Found on campus poster board
Golombisky, K. & Hagen, R. White Space is Not Your Enemy: A Beginner’s Guide to Communicating Visually through Graphic, Web & Multimedia Design(2 edition). New York: Focal Press.
Kadavy, D. (2011). Design for hackers: Reverse-engineering beauty. Ch 3 “Medium and form in typography”; Appendix A “Choosing and pairing fonts”; Appendix B “Typographic Etiquette”
Fonts; Font Category; Font Size; Headings; Subheads; All Caps; Ascenders; Descenders
“Once you discover the big wide world of fonts, it’s easy to go nuts. But. Please. Resist. This. Urge. Nothing screams ‘amateur’ louder than using too many competing font styles” (Golombisky, p.90).
“Early printers were craftsmen. They dedicated their lives to printing beautiful typography. Their skills were specialized, and it showed in the quality of their work. Yet, they were limited by the type that was available to them. Contrast that with today's designer (anyone with access to a computer, really). Very few are formally trained to use typography, yet they have many more fonts at their disposal” (Kadavy, Appendix A).
When I was trying to decide what I wanted to take a look at for this critical analysis, I decided to do what Jason did before the first week of class. I just wandered the halls of DePaul to take a look at the posters that are placed throughout when this poster jumped out at me, so I decided to choose it as my design to critique.
In this composition, you can see that there is a lot going on with a variety of design elements from visual hierarchy, color, visual ornamentation, but most importantly, typography. This poster is busy with a bunch of elements that Golombisky and Kadavy talk about in this week’s readings.
What initial grabbed my attention was the many different font styles which Golombisky would categorize as one of the 13 sins. First, the poster mixes both serif and san-serif fonts. Instead of doing what Kadavy suggests, use san-serif for the heading and serif for the body copy. This poster switches back and forth between the two categories with no straight-forward reason why.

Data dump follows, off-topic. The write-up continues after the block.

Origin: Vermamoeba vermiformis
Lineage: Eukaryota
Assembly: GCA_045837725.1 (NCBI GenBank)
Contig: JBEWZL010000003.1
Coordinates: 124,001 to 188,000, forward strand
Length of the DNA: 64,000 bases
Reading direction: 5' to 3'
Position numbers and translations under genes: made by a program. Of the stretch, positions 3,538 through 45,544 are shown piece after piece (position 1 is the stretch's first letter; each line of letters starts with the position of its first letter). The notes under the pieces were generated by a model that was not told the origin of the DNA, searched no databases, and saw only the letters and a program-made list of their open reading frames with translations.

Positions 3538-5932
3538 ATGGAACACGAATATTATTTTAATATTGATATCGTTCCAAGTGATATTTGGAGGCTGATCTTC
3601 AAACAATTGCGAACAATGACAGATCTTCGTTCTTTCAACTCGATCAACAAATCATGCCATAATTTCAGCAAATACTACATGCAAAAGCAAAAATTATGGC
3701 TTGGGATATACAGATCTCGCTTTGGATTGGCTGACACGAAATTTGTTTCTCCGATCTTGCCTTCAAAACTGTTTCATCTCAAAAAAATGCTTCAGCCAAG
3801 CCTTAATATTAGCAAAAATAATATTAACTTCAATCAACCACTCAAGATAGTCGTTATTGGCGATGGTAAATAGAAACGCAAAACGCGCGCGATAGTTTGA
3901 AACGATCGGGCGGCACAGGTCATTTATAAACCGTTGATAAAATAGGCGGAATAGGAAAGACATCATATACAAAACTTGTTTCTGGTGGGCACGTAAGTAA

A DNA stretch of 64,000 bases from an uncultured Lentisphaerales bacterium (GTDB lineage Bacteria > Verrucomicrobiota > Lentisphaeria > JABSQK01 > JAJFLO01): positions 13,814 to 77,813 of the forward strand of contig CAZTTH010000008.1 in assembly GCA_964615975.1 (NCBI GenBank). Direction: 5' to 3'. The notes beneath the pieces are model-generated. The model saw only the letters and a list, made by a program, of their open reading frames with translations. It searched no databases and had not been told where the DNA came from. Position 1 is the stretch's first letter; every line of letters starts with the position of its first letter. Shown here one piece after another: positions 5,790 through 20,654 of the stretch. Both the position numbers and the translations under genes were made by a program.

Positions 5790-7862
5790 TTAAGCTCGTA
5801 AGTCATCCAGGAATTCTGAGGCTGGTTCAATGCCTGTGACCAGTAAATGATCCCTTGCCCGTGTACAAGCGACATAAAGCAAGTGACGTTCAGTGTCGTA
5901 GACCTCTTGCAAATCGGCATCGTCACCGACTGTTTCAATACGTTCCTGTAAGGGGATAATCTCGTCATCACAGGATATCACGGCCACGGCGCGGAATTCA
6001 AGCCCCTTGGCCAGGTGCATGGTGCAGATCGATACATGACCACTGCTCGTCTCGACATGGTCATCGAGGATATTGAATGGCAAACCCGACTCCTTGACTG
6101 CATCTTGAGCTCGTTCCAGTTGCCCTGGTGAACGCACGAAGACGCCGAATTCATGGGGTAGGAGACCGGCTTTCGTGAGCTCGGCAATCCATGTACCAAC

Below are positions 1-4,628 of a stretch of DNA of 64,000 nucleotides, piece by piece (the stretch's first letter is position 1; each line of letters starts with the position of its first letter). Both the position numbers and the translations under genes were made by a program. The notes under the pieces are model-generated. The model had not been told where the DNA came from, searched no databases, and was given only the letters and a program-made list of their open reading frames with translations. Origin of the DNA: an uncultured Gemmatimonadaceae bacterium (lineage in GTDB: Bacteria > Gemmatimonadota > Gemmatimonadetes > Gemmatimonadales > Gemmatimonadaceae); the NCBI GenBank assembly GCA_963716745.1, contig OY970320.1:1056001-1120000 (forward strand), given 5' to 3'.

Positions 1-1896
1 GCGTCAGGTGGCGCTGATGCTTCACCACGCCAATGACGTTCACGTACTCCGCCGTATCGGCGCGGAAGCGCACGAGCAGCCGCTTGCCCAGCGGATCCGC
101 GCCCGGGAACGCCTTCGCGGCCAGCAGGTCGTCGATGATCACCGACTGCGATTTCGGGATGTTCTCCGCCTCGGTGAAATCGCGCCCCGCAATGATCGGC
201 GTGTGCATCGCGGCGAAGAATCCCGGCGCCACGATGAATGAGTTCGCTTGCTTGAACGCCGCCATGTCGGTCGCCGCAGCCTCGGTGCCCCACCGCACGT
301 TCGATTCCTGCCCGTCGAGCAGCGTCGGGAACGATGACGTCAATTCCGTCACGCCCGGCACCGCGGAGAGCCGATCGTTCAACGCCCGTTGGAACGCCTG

Second, the poster breaks Golombisky’s rule of only using a maximum of two fonts which it uses at least three or four between the header, sub header, body copy and textual ornamentation. This makes the poster “visually overloaded and cluttered” (Golombisky, p. 35).
Third, is the weight and size of each block of text in this poster. The text jumps around from thin to medium to bold as well as back and forth between smaller font sizes to larger ones. This breaks down that visual hierarchy and confuses the viewer to not know what to focus on first and then move onto next.
The last element in this poster is one that Golombisky talks and that’s use all caps. “How do you ask for consent?” is all capitalized when it doesn’t need to be and makes it more difficult for the viewer to read instead of allowing the eye to experience the “ascenders and descenders that make up the unique shapes of text” (Golombisky, p.95). In addition, it interferes with the visual communication about consent this poster is trying to accomplish.
If you were given the opportunity to advise the designer of this poster, what would be your main critiques to them besides the typography elements I talked about? Next week we will be talking about color, can you think of some things that are hindering this poster because of color and that you would suggest to help this designer with conveying their message?